"We're committed to ensuring [that] Facebook and Instagram are places for everyone, especially the youth," says Jocelyne Muhutu-Rémy, strategic media partnerships manager for Facebook in sub-Saharan Africa.

"That's why we offer a range of tools on our platforms to give people full control over their experience. [We] work with our partners to drive awareness about the practices, resources and tools people can use to protect their online wellbeing," concludes Muhutu-Rémy.

According to the platform, young people can benefit from the following Facebook and Instagram safety tools and resources:
  • The new tools on Instagram that filter comments that may be inappropriate, offensive or relating to bullying. These include keyword filtering, sensitivity screens, offensive comment and bullying filters.
  • The opportunity to edit the caption or comment before posting. Instagram has created new ways to help stop bullying before it happens with AI that detects content that is potentially offensive. The AI will send a prompt that the language used is similar to language that has been reported for bullying.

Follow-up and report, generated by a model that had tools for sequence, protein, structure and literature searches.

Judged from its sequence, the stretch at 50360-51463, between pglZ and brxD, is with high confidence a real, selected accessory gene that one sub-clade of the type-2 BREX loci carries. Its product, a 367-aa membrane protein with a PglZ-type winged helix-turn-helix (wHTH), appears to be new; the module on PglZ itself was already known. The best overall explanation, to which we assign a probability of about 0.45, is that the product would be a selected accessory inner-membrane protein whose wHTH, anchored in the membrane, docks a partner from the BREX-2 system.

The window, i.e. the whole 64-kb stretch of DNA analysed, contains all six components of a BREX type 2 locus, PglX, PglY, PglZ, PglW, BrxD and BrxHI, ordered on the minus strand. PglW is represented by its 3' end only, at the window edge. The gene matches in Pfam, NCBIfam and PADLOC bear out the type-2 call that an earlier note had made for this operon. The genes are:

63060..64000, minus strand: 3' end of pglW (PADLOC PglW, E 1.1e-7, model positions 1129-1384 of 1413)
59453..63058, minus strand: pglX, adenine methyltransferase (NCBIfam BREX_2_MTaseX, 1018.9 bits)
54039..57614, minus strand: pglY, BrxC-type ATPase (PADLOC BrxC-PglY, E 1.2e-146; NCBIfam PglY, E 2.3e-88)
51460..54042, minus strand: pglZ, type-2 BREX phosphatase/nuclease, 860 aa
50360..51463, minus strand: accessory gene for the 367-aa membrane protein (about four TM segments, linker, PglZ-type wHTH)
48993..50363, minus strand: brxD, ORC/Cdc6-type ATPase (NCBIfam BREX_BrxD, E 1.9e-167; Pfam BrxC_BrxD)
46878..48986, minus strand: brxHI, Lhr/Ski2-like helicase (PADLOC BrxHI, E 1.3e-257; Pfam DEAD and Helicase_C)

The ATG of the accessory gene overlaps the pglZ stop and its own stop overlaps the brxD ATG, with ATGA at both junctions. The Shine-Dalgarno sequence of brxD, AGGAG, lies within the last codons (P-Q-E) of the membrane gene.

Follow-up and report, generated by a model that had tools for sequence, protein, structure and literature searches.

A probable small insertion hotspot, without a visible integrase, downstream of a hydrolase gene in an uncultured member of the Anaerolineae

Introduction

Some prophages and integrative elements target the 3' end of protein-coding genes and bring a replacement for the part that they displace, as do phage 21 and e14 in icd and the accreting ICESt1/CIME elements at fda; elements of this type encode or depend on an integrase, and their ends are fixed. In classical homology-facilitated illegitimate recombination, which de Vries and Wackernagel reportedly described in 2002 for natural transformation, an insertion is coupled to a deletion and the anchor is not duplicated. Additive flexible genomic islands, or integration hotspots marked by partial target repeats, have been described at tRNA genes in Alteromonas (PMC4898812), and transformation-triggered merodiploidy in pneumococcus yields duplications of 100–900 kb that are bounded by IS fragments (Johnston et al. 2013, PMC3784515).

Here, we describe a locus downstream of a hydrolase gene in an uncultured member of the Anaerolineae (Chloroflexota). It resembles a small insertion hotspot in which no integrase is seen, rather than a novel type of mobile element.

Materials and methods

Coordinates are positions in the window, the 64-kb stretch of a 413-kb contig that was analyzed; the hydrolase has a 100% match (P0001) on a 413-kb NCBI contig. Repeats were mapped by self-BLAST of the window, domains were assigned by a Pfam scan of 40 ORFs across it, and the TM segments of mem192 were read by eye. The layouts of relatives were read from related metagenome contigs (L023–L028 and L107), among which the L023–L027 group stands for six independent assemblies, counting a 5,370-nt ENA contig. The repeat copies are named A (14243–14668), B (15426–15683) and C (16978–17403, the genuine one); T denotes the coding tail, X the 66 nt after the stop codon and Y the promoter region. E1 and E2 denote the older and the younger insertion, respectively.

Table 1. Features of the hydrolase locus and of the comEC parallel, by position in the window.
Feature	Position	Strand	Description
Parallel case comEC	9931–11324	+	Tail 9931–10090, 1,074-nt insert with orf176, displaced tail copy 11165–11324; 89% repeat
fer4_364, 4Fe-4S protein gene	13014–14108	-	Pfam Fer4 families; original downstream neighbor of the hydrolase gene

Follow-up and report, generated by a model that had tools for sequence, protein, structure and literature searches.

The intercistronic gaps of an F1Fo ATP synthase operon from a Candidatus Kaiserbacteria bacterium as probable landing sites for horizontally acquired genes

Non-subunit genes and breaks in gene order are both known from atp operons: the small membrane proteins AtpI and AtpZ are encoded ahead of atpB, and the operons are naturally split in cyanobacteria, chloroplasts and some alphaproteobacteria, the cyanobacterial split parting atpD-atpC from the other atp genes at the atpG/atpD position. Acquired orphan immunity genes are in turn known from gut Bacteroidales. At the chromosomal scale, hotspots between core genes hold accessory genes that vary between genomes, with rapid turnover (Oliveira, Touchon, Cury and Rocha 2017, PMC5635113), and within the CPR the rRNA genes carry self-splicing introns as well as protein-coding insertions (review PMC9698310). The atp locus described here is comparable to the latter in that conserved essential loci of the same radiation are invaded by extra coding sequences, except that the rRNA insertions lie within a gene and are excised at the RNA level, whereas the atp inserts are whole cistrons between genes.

• The Instagram Safety Centre, which is a place where users can learn more about the safety features on Instagram.
  • The Youth Portal, which is a central place for teens to get a better understanding of Facebook's products, hear from other peers and get tips and advice on controlling their experience. This is part of the safety centre and a resource for topics like suicide prevention, social resolution and bullying prevention.
  • Artificial intelligence, which will help users to identify when someone might be expressing thoughts of suicide on Facebook Live and Instagram Live.
Facebook says that it has provided various resources about online safety easily available, including:
The partners that Facebook is working with this year include:
For more information, visit www.facebook.co.za.